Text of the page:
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Wassail Abseil 2007

Date: 2nd Dec 2007
Submitted by: Anthony Feeney

I was looking forward to the 2007 Xmas Abseil and was going to don my inflatable Santa suit to keep up the tradition of looking silly and festive for this annual event, but in moving house from Dungiven to Derry mislaid this outfit in the myriad boxes of junk. The best I could manage was a fluffy sparkly Santa hat but thankfully Pete McConnell and Valli were able to save the day. I got a text from Pete the night before: "Do ye fancy a bit of extreme ironing at the abseil?" and arranged for him to bring the board (PJ's actually) while I brought my Mum's iron, which is a lovely shade of pink.

We gathered near the old church in Poisoned Glen (I've now heard 5 different tales of why it is thus called) and Valli, being her usual artistic self, produced various outfits and pieces of fancy dress that served to liven the occasion. When everyone was suitably attired we set off for the dirty oul slog up through the boggy wetlands, most of us preferring the contour line of the hill towards Craig nan Brack. Marty took a more direct assault following the GPS coordinates from Martin Bonar who'd left us ropes and kit above the abseil point at an earlier date. (Thanks). The weather had been pretty wet on the drive over but dried up considerably by the time we'd reached the top and sat down to a lunch involving mince pies and mulled wine and other delights.

We set up 2 ropes: one 100m and a knotted pair of 60m ones so that we could have an ironer and a photographer go down together. Margaret and the kids headed back to walk round to the base of the abseil while Marty and Alan set off on the ropes, with Marty coming back cos he'd taken the radio. George and I worked out a series of slings for Pete to take the ironing board on his back and the iron on the harness. He then hooked the lot to the cliff with a couple of friends about two-thirds of the way down while PJ snapped away from her rope a few feet to the right. Valli was my photographer and we went next laughing away at the silliness of it all. We were followed by Michael and George and finally Andrew (in his flimsy £5 Sant suit) and Marty. A small drama ensued when Andrew's couldn't free his locking device with Marty running-swinging wildly over to help but it all ended well. Alan, George and I gathered up the ropes at the top and left them for Martin Bonar as requested.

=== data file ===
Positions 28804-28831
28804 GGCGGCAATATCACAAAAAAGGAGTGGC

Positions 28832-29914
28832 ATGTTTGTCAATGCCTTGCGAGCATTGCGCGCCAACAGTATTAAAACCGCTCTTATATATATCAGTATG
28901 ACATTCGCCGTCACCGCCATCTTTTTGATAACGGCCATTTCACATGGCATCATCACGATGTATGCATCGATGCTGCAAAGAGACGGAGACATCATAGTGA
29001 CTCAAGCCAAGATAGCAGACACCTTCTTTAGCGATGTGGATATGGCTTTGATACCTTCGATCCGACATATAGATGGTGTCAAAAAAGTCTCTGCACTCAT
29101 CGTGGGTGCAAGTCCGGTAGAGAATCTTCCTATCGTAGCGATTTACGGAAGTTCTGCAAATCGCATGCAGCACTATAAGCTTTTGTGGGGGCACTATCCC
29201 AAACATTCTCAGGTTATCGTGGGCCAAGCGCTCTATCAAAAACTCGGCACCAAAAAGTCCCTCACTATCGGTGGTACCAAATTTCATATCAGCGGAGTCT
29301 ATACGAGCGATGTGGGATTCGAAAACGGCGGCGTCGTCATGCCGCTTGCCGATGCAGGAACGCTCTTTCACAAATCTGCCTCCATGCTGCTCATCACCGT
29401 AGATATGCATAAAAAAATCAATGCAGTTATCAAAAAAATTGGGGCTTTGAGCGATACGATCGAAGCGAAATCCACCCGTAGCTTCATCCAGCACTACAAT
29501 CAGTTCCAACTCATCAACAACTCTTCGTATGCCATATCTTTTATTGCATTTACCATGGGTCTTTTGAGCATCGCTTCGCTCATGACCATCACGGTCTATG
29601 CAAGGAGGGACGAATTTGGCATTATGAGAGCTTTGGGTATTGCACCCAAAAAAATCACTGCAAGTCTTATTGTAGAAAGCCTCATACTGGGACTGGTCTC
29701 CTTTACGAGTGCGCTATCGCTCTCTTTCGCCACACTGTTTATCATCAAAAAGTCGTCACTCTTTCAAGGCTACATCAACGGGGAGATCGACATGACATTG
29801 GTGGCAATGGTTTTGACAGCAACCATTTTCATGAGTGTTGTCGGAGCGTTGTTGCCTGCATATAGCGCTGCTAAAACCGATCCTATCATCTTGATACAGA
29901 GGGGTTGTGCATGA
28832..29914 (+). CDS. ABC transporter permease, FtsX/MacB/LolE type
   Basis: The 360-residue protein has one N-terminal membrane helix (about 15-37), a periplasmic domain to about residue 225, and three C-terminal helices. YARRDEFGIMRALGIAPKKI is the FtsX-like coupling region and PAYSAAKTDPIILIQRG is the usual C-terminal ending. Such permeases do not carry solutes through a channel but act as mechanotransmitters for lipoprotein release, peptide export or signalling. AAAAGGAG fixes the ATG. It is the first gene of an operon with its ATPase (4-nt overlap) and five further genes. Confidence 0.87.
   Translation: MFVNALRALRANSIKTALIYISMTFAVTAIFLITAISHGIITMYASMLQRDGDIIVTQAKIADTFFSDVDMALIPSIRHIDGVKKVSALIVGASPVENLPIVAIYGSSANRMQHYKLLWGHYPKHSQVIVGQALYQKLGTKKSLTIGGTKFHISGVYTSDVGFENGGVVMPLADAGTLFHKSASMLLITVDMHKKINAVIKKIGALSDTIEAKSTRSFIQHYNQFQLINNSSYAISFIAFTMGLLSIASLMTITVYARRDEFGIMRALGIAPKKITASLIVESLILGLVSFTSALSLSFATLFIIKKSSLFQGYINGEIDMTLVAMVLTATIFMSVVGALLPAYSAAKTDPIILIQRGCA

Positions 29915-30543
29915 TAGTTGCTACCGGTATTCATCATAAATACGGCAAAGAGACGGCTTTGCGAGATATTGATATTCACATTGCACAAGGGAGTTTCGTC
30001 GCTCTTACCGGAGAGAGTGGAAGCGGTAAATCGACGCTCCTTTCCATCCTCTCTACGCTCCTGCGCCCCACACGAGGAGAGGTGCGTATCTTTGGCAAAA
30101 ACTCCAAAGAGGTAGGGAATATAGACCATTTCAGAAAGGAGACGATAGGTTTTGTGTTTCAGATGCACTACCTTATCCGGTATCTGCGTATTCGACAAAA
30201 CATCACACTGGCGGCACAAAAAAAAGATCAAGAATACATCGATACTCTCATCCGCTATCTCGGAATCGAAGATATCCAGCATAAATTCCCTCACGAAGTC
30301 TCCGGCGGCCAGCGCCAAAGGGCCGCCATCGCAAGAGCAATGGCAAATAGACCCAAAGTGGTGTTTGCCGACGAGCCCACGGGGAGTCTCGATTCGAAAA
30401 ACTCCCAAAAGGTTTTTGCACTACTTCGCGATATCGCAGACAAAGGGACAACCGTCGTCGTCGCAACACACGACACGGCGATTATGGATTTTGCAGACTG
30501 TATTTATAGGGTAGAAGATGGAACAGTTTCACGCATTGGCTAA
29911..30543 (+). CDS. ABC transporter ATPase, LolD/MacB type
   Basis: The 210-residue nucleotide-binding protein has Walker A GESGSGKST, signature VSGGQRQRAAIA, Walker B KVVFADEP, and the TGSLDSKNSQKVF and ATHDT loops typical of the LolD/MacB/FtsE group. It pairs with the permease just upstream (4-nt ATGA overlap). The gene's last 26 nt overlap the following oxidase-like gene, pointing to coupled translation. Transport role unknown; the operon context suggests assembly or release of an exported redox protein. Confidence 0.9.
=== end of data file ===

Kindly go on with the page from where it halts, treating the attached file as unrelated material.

After the wet slog back we all compared photos (so many digital cameras!) and crowded out the front bar of the Glenveagh Inn (ah the smell of sweaty damp climber in front of a roaring fire!) for a chat about the day and the upcoming Himalayan trip. A lot of fun and some cracking pictures.

The 5 tales of Poisoned Glen:

  1. There used to be a poison plant called "spurge" growing on the slopes of the glen that would kill any cattle that ate it.
  2. The Irish word for "poison" and "heaven" are very similar and some Englishman translated it wrong. Most likely of all the tales.
  3. Irish rebels poisoned the water in the glen to kill the horses of a battalion of the English army. It remains undrinkable.
  4. Balor, King of Tory, kept his daughter in a tower till some hero rescued her. Balor killed the rescuer with a giant stone that now stands at the entrance to the glen and is said to be the evil or "poisoned" eye of Balor.
  5. Balor was actually a huge cyclops who terrorized the land until he was killed by his grandson, Lugh. When he was slayed the blood from his eye poisoned the ground.

Photo of Route